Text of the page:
I called John on my way home from work to find out what sounded good to him for dinner. We haven't done any major grocery shopping in a while, and there is nothing in the house. He said we'd just grab a bite to eat. When we started to leave, I asked him where we were going, thinking he'd probably say Oskar's or Niffer's. Instead, he said we'd go to Red Lobster since I had said over the weekend that I had been craving crab legs. We thought about going Friday night but we decided that wouldn't be good with all of the ballgame crowd in town, and then Saturday night we decided to grill pork chops so we wouldn't have to miss any of the football games. Anyway, my wonderful, sweet hubby took me on a "date" so I could get my craving satisfied.
We went in the Miata since it was a perfect evening to ride with the top down. On the way home, I leaned my head back and looked at all the stars. Most of the ride between here and Auburn is quite rural, so there wasn't anything to interfere with seeing them. I remember when I was younger--I couldn't have been but 4 or 5 because it was when we lived in Tuscaloosa--Daddy and I were standing outside on the porch one night. I asked him to help me count the stars and he told me that there were so many of them that it was impossible to count them all.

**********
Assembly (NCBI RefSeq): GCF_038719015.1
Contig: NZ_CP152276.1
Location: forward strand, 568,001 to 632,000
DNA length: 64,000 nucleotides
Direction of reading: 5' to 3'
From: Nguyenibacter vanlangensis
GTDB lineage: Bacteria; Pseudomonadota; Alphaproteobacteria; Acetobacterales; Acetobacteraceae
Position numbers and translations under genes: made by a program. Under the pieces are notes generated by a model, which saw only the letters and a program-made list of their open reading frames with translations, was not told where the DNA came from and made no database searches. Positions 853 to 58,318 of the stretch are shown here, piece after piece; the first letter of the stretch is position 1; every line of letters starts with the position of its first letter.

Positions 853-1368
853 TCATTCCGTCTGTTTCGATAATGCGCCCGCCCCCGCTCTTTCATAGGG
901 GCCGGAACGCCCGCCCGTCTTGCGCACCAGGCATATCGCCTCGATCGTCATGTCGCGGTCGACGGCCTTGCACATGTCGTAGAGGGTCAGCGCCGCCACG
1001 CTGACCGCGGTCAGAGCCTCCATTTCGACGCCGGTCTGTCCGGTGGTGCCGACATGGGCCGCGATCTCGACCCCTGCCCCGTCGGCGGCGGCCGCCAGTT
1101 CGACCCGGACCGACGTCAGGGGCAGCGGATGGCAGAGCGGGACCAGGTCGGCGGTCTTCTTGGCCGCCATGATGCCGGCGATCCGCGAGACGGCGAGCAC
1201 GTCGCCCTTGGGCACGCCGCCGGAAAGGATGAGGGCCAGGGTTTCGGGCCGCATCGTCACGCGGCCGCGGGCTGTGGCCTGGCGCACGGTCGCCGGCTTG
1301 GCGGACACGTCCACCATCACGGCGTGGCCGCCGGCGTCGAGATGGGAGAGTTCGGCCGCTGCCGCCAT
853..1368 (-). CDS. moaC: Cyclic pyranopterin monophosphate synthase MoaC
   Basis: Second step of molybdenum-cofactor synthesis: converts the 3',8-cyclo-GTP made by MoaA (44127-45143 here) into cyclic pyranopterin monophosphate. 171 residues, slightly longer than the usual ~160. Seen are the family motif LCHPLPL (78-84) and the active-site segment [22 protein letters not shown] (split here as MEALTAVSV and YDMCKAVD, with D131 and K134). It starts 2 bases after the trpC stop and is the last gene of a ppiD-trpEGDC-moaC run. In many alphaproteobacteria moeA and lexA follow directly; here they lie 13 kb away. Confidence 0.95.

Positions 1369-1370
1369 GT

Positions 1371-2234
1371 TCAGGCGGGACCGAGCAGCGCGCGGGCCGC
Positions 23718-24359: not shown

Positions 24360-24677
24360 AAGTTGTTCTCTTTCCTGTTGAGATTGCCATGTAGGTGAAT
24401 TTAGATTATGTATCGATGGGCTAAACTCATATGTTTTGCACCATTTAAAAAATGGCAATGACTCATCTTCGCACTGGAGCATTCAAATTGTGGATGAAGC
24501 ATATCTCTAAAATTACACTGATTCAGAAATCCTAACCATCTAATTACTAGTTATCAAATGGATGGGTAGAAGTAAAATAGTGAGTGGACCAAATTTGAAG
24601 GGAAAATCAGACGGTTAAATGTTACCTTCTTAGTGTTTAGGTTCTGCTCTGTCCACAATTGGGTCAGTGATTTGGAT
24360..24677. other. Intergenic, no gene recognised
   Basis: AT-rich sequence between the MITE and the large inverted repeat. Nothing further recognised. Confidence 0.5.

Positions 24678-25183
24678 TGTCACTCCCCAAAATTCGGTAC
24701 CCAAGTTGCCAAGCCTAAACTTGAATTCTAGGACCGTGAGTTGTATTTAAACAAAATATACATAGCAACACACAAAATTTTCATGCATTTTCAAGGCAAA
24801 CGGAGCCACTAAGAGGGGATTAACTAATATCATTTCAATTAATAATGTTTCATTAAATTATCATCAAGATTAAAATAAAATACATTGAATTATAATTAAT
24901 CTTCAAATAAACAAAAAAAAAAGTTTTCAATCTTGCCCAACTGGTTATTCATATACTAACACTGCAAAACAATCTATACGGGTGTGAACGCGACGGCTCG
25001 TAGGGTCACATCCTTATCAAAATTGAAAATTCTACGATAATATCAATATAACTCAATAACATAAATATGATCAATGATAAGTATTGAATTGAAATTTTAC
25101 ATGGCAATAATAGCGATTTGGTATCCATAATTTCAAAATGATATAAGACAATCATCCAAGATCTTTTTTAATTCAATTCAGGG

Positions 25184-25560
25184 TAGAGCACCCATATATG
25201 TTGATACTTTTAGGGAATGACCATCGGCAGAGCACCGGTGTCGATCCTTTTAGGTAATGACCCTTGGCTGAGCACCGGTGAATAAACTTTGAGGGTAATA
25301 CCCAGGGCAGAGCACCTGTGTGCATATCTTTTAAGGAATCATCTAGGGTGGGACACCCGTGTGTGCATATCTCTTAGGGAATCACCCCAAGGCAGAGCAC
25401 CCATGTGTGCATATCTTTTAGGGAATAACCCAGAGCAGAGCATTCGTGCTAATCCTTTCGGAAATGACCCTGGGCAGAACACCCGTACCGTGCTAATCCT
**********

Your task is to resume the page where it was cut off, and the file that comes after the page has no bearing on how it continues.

I told John that I really feel sorry for kids who grow up in huge cities like New York or Los Angeles because so many of them have almost no idea what a star-filled sky looks like. Even cities like Huntsville, Birmingham, Montgomery, or Mobile have so much light pollution that really seeing the stars can be difficult. As we drove through Dadeville, the number of visible stars dropped by, oh, a billion or so.
Growing up in the country gave me a real appreciation for nature. I loved sleeping at night with the windows open and hearing the night-time sounds--the crickets, the owls, the wind in the trees. I wouldn't take anything for being a country girl!
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